Eczema is one of the most common skin conditions in which the skin becomes inflamed. Which results in very dry skin, painful rashes and sometimes blisters. In this blog we discuss the different forms of eczema, their causes as well as which products we recommend using, to care for skin with eczema.
How do you recognize eczema?
The most common symptoms of eczema are patches of skin that are cracked and dry. These areas can be very itchy, inflamed and painful. Eczema tends to occur on the face but can also appear all over the body.
What exactly is eczema?
Eczema is an inflammatory skin condition that causes dry, painful rashes and blisters and there are several types.
Constitutional eczema is due to a hereditary predisposition, which means you are born with it. Eczema in this form can be chronic or occur in short flare-ups. It often decreases as the person ages. It consists of red spots with sometimes blisters containing fluid. When these blisters dry into scabs, the skin flakes off. The rest of the skin can also flake. This causes the overriding symptom of this form of eczema: itching.
Eczema can occur all over the body and in principle has no fixed location. Although it often occurs on the face (near the eyes, nose, cheeks) it could also appear on the body, back of the knees and inside of the elbows.
When eczema becomes chronic, the skin texture will change. This becomes coarser and cracks appear in the skin.
In addition to this common variant, there are other types of eczema, namely Seborrheic Eczema (crusts and flakes in places where there are many sebaceous glands), Contact Eczema (which occurs as a kind of allergic reaction after contact with a certain substance) or eczema due to extreme dehydration of the skin.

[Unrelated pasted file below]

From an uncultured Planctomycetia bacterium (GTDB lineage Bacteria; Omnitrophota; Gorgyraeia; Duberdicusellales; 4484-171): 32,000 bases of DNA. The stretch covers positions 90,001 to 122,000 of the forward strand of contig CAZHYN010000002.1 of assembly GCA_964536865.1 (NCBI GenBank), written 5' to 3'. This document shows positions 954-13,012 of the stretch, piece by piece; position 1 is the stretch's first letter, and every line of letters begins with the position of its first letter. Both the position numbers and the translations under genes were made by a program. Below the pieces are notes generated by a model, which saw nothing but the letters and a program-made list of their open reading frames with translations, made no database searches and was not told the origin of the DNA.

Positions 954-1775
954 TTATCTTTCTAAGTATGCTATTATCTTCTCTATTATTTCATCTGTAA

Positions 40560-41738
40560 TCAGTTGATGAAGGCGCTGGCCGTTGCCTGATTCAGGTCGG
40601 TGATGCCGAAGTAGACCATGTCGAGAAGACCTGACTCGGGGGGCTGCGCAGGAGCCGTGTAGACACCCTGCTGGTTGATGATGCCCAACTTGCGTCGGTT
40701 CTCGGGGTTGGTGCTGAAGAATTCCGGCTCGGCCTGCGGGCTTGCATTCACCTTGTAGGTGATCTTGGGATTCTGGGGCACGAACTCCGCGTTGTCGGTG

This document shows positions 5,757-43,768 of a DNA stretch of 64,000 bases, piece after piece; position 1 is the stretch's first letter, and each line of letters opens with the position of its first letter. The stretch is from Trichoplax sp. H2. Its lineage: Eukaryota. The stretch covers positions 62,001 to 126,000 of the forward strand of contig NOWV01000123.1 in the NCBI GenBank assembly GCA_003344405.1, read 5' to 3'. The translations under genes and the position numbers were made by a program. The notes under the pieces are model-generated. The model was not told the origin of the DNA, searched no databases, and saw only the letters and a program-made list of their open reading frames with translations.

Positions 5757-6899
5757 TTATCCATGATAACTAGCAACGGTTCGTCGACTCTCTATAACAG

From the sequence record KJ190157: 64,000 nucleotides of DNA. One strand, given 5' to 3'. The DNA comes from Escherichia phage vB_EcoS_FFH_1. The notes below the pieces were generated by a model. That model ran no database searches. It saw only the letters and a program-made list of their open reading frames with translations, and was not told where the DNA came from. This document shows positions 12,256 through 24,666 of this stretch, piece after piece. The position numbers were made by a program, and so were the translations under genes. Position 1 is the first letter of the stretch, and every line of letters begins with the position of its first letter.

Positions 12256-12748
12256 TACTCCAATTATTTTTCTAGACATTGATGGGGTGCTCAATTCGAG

What is the cause?
No clear cause has ever been found for the development of eczema, but factors that have an influence have now been found. Certain diets, lifestyles, stress and allergic reactions can cause a flare-up or worsen eczema. In terms of nutrition, eliminating dairy products and/or nuts and peanuts from your diet is often a way to get eczema under control. The same goes for avoiding and reducing stress.
Skin care and eczema
The dermatologist keeps eczema under control with medication in the form of ointments or internal medication. These medications often contain cortisone, which counteracts inflammation in the skin. A disadvantage of cortisone is that it temporarily suppresses inflammation. If you stop taking this medication, the eczema will often return. It is also absorbed into the bloodstream, thinning the skin making it even more fragile or causing extreme hair growth in the places where it is used.
Other products that are often prescribed are Vaseline-like products or very greasy creams. The disadvantage of these products is that they are often based on mineral oils. These mineral oils have an addictive effect and will further dry out the skin.
What would Witlof do?
Good alternatives to fatty creams that contain mineral oil are shea or Cocoa butter, baobab and avocado oil and coconut fat. These vegetable fats are optimal for keeping dry skin greasy. In addition, shea butter is very effective in strengthening the skin barrier to protect the skin and has an anti-inflammatory effect.
The Silky Hand Cream also contains these fats and butters as a basis. In addition to this, the cream also contains niacinamide, a natural antioxidant and anti-inflammatory, ideal for soothing irritated skin, reducing redness and promoting skin recovery. This thick cream is ideal for dry hands, but also for dry spots on the rest of the skin.
Finally, Pure Argan Oil is also a nice alternative because it contains a fatty acid that resembles the skin's own sebum, so it is well absorbed by the skin and can-do restorative work.